• putting together a strong application
  • costs and financial aid
  • career options for LL.M. graduates
  • steps toward preparing to take a U.S. bar examination

Interested persons are invited to register at no cost. Light refreshments will be served.

We look forward to seeing you and answering your questions there!

Professor Cohen’s AJIL essay on “Multilateralism’s Life-Cycle” at SSRN

Harlan Grant Cohen, the Gabriel M. Wilner/UGA Foundation Professor in International Law and Faculty Co-Director of our Dean Rusk International Law Center at the University of Georgia School of Law, has posted a chapter entitled “Multilateralism’s Life-Cycle,” which will appear in a forthcoming issue of volume 112 of the American Journal of International Law.

The manuscript, which forms part of our Dean Rusk International Law Center Research Paper Series at SSRN, may be downloaded at this SSRN link.

Here’s the abstract for this essay by Professor Cohen, an expert in global governance and member of the AJIL Board of Editors:

Does multilateralism have a life-cycle? Perhaps paradoxically, this essay suggests that current pressures on multilateralism and multilateral institutions, including threatened withdrawals by the United Kingdom from the European Union, the United States from the Paris climate change agreement, South Africa, Burundi, and Gambia from the International Criminal Court, and others, may be natural symptoms of those institutions’ relative success. Successful multilateralism and multilateral institutions, this essay argues, has four intertwined effects, which together, make continued multilateralism more difficult: (1) the wider dispersion of wealth or power among members, (2) the decreasing value for members of issue linkages, (3) changing assessment of multilateral institutions’ value in the face of increased effectiveness, and (4) members’ increased focus on relative or positional gains over absolute ones. Exploring how each of these manifests in the world today, this essay suggests that current stresses on multilateralism may best be understood as the natural growing pains of an increasingly mature set of institutions. The open question going forward is what form the next stage of development will take. Will strategies of multilateralism continue or will they be replaced by smaller clubs and more local approaches?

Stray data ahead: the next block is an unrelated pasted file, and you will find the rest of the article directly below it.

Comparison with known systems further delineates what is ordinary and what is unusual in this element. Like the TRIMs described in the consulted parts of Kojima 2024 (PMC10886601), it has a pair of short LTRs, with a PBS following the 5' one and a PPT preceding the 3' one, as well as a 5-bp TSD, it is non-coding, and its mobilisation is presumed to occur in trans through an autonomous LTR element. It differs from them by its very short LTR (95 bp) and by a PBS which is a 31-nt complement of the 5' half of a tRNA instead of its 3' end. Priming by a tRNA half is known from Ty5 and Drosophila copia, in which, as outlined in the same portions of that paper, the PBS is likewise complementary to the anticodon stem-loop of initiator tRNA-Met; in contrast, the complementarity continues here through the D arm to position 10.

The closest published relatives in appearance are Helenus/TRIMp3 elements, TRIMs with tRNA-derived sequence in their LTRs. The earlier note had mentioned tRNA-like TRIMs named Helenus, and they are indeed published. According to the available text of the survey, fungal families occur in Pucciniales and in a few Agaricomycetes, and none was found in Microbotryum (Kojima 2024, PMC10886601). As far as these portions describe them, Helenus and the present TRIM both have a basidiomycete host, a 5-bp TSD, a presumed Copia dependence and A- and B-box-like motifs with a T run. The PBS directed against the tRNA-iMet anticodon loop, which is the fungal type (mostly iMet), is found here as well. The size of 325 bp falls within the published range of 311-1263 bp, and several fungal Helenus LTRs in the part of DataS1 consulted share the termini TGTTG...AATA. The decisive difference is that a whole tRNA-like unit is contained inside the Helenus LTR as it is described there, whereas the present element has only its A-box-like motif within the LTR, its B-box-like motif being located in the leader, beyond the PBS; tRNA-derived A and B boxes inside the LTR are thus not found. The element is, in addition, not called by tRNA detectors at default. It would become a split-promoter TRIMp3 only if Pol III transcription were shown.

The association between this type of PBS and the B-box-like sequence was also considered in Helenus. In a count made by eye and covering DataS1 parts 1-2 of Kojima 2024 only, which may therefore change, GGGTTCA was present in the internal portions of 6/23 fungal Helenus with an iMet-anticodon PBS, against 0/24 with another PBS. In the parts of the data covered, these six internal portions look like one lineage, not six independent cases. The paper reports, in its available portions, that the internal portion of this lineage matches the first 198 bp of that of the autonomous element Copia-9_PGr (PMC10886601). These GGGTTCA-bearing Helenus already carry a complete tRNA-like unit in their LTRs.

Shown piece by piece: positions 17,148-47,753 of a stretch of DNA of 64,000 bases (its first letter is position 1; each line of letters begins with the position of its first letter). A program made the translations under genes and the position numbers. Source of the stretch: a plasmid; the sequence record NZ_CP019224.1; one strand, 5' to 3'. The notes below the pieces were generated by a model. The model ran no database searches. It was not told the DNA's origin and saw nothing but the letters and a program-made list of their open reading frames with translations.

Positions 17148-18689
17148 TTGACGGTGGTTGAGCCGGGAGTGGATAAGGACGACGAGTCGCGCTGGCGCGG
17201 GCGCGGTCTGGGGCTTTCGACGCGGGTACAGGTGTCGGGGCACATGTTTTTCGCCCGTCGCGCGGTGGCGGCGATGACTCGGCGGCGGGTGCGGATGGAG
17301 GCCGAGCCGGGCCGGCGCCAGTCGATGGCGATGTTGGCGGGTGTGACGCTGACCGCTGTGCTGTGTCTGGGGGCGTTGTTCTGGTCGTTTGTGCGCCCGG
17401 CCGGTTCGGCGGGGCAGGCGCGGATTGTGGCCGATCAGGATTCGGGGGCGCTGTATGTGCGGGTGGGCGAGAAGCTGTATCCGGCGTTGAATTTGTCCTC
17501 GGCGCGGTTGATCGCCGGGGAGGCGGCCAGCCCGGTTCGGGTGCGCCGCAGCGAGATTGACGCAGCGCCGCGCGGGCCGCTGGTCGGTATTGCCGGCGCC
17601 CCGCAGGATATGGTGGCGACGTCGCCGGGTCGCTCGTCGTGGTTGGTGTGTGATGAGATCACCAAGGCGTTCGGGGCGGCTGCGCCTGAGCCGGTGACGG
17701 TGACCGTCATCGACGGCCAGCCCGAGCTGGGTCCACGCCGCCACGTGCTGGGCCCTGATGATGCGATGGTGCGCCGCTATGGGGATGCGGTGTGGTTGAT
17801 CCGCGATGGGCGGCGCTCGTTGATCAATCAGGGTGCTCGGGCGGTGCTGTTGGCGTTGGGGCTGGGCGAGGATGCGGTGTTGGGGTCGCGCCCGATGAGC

Professor Bruner presents on corporate law and corporate governance at international conference in England